One person is dead following a house fire that flared up near Cave Junction around midnight on Wednesday, according to the Illinois Valley Fire District (IVFD). Firefighters from IVFD and emergency personnel from AMR responded to reports of a fire in the 100-block of East River Street just after midnight — arriving to find "a single-story wood frame house" with flames pouring from the front and sides.
After knocking down the flames, firefighters entered the house to find a single occupant who had died inside.
Crews from Pacific Power also responded to the fire and disconnected power to the house to keep the firefighters safe. IVFD was assisted by firefighters from Rural-Metro Fire.
IVFD said that the cause of the fire remains under investigation by the Illinois Valley Fire Marshal, a fire investigator from Oregon State Police, and an investigation team from the Oregon State Fire Marshal's office.
KDRV-TV ABC 12
From aviation contracts to deals with vendors and even seasonal hiring, the partial federal government shutdown is cutting into planning and preparation for the 2019 wildfire season in the Northwest.
According to Washington Public Lands Commissioner Hilary Franz, one training for firefighting managers has already been canceled, because the federal government has been partially shuttered.
“We rely significantly on state funding for resources,” Franz said. “But we also rely on federal funding. Not only on funding to support our own firefighting efforts but also, we fight our fires in lockstep partnership with federal agencies.” That’s because almost one-third of the land in Washington is owned and managed by the federal government. In Oregon, it’s more than half.
Citing preparations for the upcoming wildfire season, three U.S. senators from the Northwest are among nearly a dozen who sent a letter to President Donald Trump urging him to “cease the ongoing government shutdown.”
Oregon Public Broadcasting
The Oregon Health Authority said Tuesday it is helping ambulance service agencies comply with a new state law requiring they use electronic patient care reporting, which will streamline how they exchange information with hospital emergency departments and other health care partners.
Oregon Senate Bill 52, passed during the 2017 legislative session, mandates that transporting emergency medical services (EMS) agencies begin posting patient care reports electronically to a statewide database starting Jan. 1, 2019.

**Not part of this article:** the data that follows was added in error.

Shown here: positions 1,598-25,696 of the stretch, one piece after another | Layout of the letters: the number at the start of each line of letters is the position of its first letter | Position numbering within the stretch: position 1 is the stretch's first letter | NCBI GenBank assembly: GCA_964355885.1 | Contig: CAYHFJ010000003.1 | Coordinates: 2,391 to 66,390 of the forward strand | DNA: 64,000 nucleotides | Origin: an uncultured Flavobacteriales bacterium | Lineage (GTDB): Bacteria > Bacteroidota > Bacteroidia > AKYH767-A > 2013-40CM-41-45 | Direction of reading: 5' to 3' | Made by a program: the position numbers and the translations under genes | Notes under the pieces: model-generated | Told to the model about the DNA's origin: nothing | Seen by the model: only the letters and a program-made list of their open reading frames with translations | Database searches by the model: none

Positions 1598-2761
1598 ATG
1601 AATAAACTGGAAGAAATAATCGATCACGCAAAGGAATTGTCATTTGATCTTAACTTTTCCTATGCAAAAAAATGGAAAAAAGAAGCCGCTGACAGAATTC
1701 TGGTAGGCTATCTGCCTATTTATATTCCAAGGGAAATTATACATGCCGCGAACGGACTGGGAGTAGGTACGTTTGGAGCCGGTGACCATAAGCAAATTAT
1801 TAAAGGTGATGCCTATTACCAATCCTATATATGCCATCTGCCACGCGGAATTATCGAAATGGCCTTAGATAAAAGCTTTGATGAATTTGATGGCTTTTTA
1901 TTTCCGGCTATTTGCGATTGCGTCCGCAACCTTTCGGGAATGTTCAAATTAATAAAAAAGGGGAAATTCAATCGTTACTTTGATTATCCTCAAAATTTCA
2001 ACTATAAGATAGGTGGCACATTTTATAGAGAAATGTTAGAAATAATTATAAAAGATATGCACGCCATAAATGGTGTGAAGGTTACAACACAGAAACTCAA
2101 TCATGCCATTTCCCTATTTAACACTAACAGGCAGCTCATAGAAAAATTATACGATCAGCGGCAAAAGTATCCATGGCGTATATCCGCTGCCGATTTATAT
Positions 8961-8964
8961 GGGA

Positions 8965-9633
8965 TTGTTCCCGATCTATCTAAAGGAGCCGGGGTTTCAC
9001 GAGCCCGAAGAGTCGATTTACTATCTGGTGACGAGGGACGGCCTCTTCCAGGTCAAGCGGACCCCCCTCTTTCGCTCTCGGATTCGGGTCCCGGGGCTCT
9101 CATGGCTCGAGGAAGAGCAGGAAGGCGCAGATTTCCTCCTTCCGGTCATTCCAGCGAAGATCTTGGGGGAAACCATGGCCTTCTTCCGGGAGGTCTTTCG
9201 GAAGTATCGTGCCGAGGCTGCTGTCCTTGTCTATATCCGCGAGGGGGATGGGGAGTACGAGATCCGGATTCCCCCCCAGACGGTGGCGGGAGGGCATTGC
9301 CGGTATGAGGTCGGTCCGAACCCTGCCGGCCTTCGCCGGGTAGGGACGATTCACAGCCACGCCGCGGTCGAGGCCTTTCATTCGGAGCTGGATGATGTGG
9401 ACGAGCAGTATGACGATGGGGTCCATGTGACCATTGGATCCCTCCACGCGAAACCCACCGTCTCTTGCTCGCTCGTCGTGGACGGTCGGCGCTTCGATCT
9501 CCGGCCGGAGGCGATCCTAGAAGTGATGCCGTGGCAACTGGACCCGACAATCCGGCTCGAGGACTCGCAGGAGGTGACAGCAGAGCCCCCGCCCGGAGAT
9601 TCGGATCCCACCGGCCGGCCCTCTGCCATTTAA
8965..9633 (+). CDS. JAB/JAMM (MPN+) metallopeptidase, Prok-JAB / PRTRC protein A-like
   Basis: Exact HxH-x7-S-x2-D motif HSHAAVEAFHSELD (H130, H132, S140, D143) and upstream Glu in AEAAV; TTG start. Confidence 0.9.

OHA offers access to Oregon EMS Information System (OR-EMSIS) at no cost to all EMS agencies, regardless of what vendor an agency uses locally to gather and submit the patient care data. OHA’s free service includes use of a software program called ImageTrend Elite.
KTVZ-TV NewsChannel 21
While fire season is months away, the Jackson County Board of Commissioners is working urgently to get something done before summer hits.
In a meeting today, the commissioners discussed how to prepare in the months before wildfires return to the region. While Jackson County does not have enforcement powers when it comes to wildfires, which fall under state and federal jurisdiction, the county of 220,000 people does have influence when it comes to policymakers that represent the people and what they get done.
Next week, the county commissioners plan to issue a proclamation stating their positions and desires. "It's a timely issue. Fire season is coming up quickly. The proclamation sends the notice that that is what we intend and that is what we're going to continue to fight for at all levels," says County Commissioner Rick Dyer.
KTVL-TV Channel 10
Two dogs died in a Medford house fire Tuesday night.
Medford Fire-Rescue said at about 6:45 p.m. on January 15, a fire was reported at a home in the 1400 block of Rome Beauty Lane.
Crews made it to the scene within three minutes of the initial report. They saw one side of the home’s exterior on fire, with flames creeping into the attic.
Firefighters searched the home to make sure everyone was outside as they knocked down the fire, stopping the spread to any other nearby residences.
According to Medford Fire-Rescue, the home was saved. However, two dogs died in the fire, which was determined to be accidental due to electrical issues.
“Our thoughts are with the family as they recover from their loss,” firefighters said. “It is an honor to serve our community and we will continue to do so diligently.”
There were no injuries to any residents or firefighters.
KOBI-TV NBC 5
Sen. Ron Wyden, D-Ore., asked the U.S. Forest Service on Wednesday to investigate reports that Canada is unfairly subsidizing its aerial firefighting industry, endangering wildfire readiness in Oregon and the West as well as putting U.S. competitors at an unjust disadvantage for wildfire work. Wyden noted in his letter for U.S. Forest Service Chief Vicki Christiansen that these concerns raise urgent questions because responses are due this month to the Forest Service’s Request for Proposals for Large Air Tanker Services.
“While I am concerned about the readiness of the United States to fight the growing number and severity of forest fires, including with domestic resources, I am also concerned that unfair foreign subsidies put domestic producers at an economic disadvantage,” wrote Wyden, a strong advocate of ensuring Oregon has enough air tankers available for wildfires.
KTVZ-TV NewsChannel 21